April 2, 2019

Crimmin helping Becker find its niche

Photo/Grant Welker
Nancy Crimmin will be inaugurated Friday as Becker College president, the school's first female head, as she nears the end of her second school year.

Nearing the end of her second academic year leading Becker College, Nancy Crimmin has an excuse for looking both backwards and ahead, with her inauguration set for Friday at Becker's Leicester campus.

It's been a busy two years for Crimmin, who was first made interim president at Becker in the spring of 2017 when Robert Johnson left the school after seven years to lead UMass Dartmouth, and then permanent president before the start of the fall 2018 semester.

Becker has formed two academic schools, launched what it says is the first esports management program in the country and seen its video game design program rise to third worldwide in a ranking by The Princeton Review. It is also nearing the end of the first year of a new two-semester program that lets undeclared students try out 10 majors.

It's all an effort for the roughly 1,800-student college to find its niche and avoid the fate of a small but growing number of smaller colleges that have closed or are expected to in the coming years. Becker knows about the long-term demographic forecasts that show fewer high school graduates, particularly in the Northeast, and that colleges with small endowments are more susceptible to being left behind in an industry where costs continue to rise sharply.

"Playing to our strengths as who we are as an institution, I think every institution, whether you're public or private, four-year or two-year, has to be doing that. Has to be," Crimmin said in an interview in her office in a small building on Becker's Worcester campus. "The demographics are gloomy. It's a gloomy picture."

Becker's administration is working to stabilize the size of its student body while playing up what draws students to the college in the first place.

Photo/Grant Welker
Becker College is working to play up its advantages as a small school, including personal touches such as having the school's CFO talk directly with students and parents, and events like Pasta with the President and Cookies with Commuters.

Becker is small enough that Crimmin can be regularly seen around campus, with events like Pasta with the President, when she wore an apron and answered questions from students, and Cookies with Commuters. Its chief financial officer speaks face-to-face with prospective or incoming students and their parents, addressing any questions and alleviating any financial concerns.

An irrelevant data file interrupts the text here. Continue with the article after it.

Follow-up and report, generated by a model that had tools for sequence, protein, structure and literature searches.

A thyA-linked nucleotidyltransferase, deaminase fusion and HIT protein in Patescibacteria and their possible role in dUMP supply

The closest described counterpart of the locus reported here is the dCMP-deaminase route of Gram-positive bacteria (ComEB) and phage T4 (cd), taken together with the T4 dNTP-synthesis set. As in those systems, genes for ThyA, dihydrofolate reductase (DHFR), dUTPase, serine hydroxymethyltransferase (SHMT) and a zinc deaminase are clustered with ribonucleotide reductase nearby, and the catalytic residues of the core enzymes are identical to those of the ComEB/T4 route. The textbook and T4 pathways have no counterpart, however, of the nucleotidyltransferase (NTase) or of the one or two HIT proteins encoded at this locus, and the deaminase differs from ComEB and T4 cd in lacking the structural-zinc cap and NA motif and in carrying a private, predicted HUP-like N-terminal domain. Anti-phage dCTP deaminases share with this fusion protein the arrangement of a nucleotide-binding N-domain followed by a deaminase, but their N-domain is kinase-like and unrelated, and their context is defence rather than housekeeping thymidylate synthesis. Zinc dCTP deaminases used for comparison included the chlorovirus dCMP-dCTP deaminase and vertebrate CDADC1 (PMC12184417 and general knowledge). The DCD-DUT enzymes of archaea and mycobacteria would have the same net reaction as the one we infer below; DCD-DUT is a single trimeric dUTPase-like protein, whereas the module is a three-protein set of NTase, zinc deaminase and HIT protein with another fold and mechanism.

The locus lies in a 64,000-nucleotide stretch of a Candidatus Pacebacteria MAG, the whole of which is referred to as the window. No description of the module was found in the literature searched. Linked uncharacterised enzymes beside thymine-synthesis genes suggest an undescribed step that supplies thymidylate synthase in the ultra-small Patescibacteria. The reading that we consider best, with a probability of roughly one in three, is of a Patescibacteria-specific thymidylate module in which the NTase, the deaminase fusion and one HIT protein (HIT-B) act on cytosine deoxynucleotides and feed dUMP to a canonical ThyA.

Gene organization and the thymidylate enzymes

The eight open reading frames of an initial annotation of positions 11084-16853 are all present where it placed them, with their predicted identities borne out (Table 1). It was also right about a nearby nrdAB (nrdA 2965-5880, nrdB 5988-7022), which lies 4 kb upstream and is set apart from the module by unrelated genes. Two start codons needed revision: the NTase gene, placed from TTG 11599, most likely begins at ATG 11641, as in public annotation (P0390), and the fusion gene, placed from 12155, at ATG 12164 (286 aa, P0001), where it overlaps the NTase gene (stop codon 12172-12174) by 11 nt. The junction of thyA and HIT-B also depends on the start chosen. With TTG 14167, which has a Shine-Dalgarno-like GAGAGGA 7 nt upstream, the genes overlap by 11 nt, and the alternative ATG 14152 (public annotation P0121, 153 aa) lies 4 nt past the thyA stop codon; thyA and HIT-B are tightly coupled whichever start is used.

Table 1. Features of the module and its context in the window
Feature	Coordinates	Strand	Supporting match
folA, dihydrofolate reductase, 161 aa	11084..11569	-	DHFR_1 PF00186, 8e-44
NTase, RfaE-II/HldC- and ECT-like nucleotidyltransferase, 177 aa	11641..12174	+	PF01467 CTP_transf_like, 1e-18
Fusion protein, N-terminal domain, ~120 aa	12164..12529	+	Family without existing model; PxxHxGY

Tuition and fees for residential students for the upcoming year are $54,175. An average student pays $29,792 after aid, according to the U.S. Department of Education. At the same time, Becker's six-year graduation rate is under 40 percent, a figure the school has been working to raise.

"I don't know if any of us are talking about increasing enrollment," Crimmin said. "We're talking about holding steady with enrollment and increasing our retention rates. We want to keep the ones we have."

Looking ahead longer term with demographics trends, she added, "We're not out of the woods yet."

If many small colleges in the area have cause for concern, Becker's been finding its niche largely with video games.

More traditionally known for its nursing and animal science programs and its agile mindset program that teaches intangible skills, Becker has one of the most highly regarded video game design programs in the world, and this fall it will enroll its first class in its esports management program. Esports, with competitive video game competitions streamed online or watched in person, is a roughly $900 million industry, according to the Dutch researcher Newzoo.

Photo/Grant Welker
The Barrett Center at Becker, which opened in early 2018, has helped the college grow capacity for video game design and other programs.

"This is quite a bit of our fabric now," Crimmin said of esports, which shares a home with video game design and other programs in the new Colleen C. Barrett Center for Global Innovation and Entrepreneurship, which opened early last year.

Becker hasn't lost focus on other programs.

Within the past year, it has created the new School of Humanities and Social Studies, and remade the Division of Accelerated and Professional Studies into the new School of Graduate and Professional Studies. For the first time, it has allowed students to complete two degrees simultaneously, combining animal care in a dual degree program with four other majors: business, criminal justice, forensic science or psychology.

Becker is also working harder to make sure prospective students find a campus that fits them — and understand what's ahead of them. Financial literacy efforts begin as soon as students make their initial deposit, with the understanding that more questions these days revolve around the value and feasibility of a college degree.

"So far I think the reviews have been really good," Crimmin said. "I think parents appreciate that."

Crimmin believes Becker has the right offerings and is just the right size for a strong future.

"We find that when people come to us, it's usually a tipping point for them if the fit is right," she said.

"We're not going to get big," Crimmin added. "We're going to be a small institution because that's who we are and we're very comfortable with that."

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